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The Lord Chancellor : Poorer litigants continue either to be automatically exempt from paying fees or able to apply for fee remission or reduction. I sympathise with the concerns that have been raised about the amount of the allocation fee in very small claims and I am giving this issue urgent consideration.
Lord McIntosh of Haringey : HM Customs and Excise, which has responsibility for matters concerning the importation of drugs, considers that current arrangements are adequate. Customs officers in Northern Ireland work closely with the Royal Ulster Constabulary and other agencies in Northern Ireland, with colleagues across the UK and with law enforcement agencies in the Republic of Ireland.
The Parliamentary Under-Secretary of State, Foreign and Commonwealth Office (Baroness Scotland of Asthal) : We have published the second annual report today. I have arranged for copies to be placed in the Libraries of both Houses. It has now been entered on the FCO website (www.fco.gov.uk).
Baroness Scotland of Asthal: The White Paper commitments on nationality will require primary legislation. The issues are complex and we are working on the preparation of the necessary legislation. We plan to bring forward legislation when the parliamentary timetable permits.
Baroness Scotland of Asthal: The United States Administration and the Russian Government have kept us informed of the progress of their discussions on START, the Anti-Ballistic Missile Treaty and related issues.
Baroness Scotland of Asthal: Any NATO operation involving the use of force must be justifiable under international law. The legal justificiation for any particular operation will depend upon all the circumstances at the time.
Baroness Scotland of Asthal: The oil embargo on the Federal Republic of Yugoslavia (FRY) is a sanction imposed by the European Union, not NATO. Montenegro and Kosovo are both exempted. There is a specific exemption for humanitarian supplies of oil and oil derivatives to the FRY. As an instrument of the EU's common foreign and security policy, the embargo may only be amended by unanimity.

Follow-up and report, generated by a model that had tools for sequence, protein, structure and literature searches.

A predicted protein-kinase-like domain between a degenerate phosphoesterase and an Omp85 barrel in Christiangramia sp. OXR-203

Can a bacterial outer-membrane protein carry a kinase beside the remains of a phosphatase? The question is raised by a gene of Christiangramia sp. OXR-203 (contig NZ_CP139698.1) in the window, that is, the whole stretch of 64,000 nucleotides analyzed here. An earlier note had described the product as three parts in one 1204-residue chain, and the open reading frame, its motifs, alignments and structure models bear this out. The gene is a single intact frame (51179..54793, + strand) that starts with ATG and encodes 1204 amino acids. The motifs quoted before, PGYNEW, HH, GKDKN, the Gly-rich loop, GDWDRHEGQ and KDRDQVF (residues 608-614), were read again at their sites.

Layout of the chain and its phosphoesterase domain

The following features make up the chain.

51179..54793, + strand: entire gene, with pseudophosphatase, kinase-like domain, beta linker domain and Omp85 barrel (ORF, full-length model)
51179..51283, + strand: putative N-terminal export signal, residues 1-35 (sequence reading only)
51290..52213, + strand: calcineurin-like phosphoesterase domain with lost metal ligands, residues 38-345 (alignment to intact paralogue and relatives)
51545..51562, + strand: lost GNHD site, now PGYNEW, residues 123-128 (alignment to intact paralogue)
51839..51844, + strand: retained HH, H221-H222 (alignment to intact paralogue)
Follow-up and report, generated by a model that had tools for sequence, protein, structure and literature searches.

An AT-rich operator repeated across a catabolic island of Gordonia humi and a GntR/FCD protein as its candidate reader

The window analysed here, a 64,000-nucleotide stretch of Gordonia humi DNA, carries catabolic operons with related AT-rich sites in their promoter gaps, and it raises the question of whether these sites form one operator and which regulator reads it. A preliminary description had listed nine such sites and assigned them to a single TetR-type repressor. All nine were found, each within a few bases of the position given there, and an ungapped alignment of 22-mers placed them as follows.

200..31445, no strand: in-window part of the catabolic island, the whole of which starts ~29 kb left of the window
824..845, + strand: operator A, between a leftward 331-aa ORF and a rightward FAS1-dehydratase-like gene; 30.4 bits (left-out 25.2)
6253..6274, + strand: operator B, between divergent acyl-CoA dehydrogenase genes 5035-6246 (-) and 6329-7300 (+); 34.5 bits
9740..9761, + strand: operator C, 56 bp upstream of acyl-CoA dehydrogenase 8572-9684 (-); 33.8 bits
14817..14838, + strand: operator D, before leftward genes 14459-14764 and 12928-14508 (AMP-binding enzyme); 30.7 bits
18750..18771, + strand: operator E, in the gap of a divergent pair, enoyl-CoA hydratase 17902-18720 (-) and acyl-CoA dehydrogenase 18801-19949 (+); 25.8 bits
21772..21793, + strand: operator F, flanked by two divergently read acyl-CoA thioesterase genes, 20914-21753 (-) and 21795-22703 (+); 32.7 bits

Baroness Scotland of Asthal: The economic collapse of Yugoslavia and the hardships endured by its people are a direct consequence of the political and economic policies pursued by Milosevic's regime. International organisations, including the EU and the UN, are operating in Yugoslavia to provide humanitarian relief. We fully support these efforts.
Baroness Scotland of Asthal: Four states have now ratified the International Criminal Court statute. They are Italy, San Marino, Senegal, and Trinidad and Tobago. The UK requires legislation to implement the statute before we can ratify. Work to prepare this legislation is going forward and will be introduced as soon as the parliamentary timetable allows.
Baroness Amos: In April 1999, following a request from the Government of South Africa (Office for the National Crime Prevention Strategy (NCPS)/Department for Safety and Security) the Department for International Development (DFID) approved funding of £62,475 (R631,000) to support a project proposal from the Institute for Security Studies (ISS) in Cape Town. The project derives from the South African Government's well publicised intention to produce legislation to improve safety and security. It provides for technical advice to the Government of South Africa for the drafting of new legislation on the ownership and control of firearms and ammunition in South Africa and for the participation of ISS (on behalf of the South African Government) in the negotiations leading to an international protocol on the illicit trafficking and manufacturing of firearms and ammunition. DFID assistance was provided directly to ISS as part of the department's new programme of support for security sector reform.
The Firearms Legislation Drafting Team, chaired by the project leader from ISS, submitted a first draft of the Firearms Control Bill to the Department for Safety and Security in July as agreed. DFID's input to this component of the ISS project is therefore complete. ISS will continue to represent the South African Government in international negotiations on the firearms protocol until August 2000.
How many remands to secure local authority accommodation have been made since 1 June in relation to:
(a) children aged 12 to 14, broken down by age, gender and ethnicity;
(b) females aged 15 to 16, broken down by age and ethnicity; and
(c) males aged 15 to 16 declared "vulnerable", broken down by age and ethnicity. [HL4329]
The Parliamentary Under-Secretary of State, Home Office (Lord Bassam of Brighton): The latest period for which figures are readily available is 1 June to
30 September 1999.
144 untried young male offenders aged 15, of whom 112 were white, 24 were black, three were south Asian and five were of another enthnic origin;
61 convicted yet unsentenced young male offenders aged 15, of whom 45 were white, 10 were black, three were south Asian and three were of another ethnic origin;
346 untried young male offenders aged 16, of whom 255 were white, 61 were black, 14 were south Asian and 16 were of another ethnic origin;
144 convicted yet unsentenced young male offenders aged 16; of whom 112 were white, 20 were black, seven were south Asian and five were of another ethnic origin.
Information relating to the first few months of remands to secure local authority accommodation is being collected from local authorities. I shall write to the noble Baroness as soon as it has been assembled.
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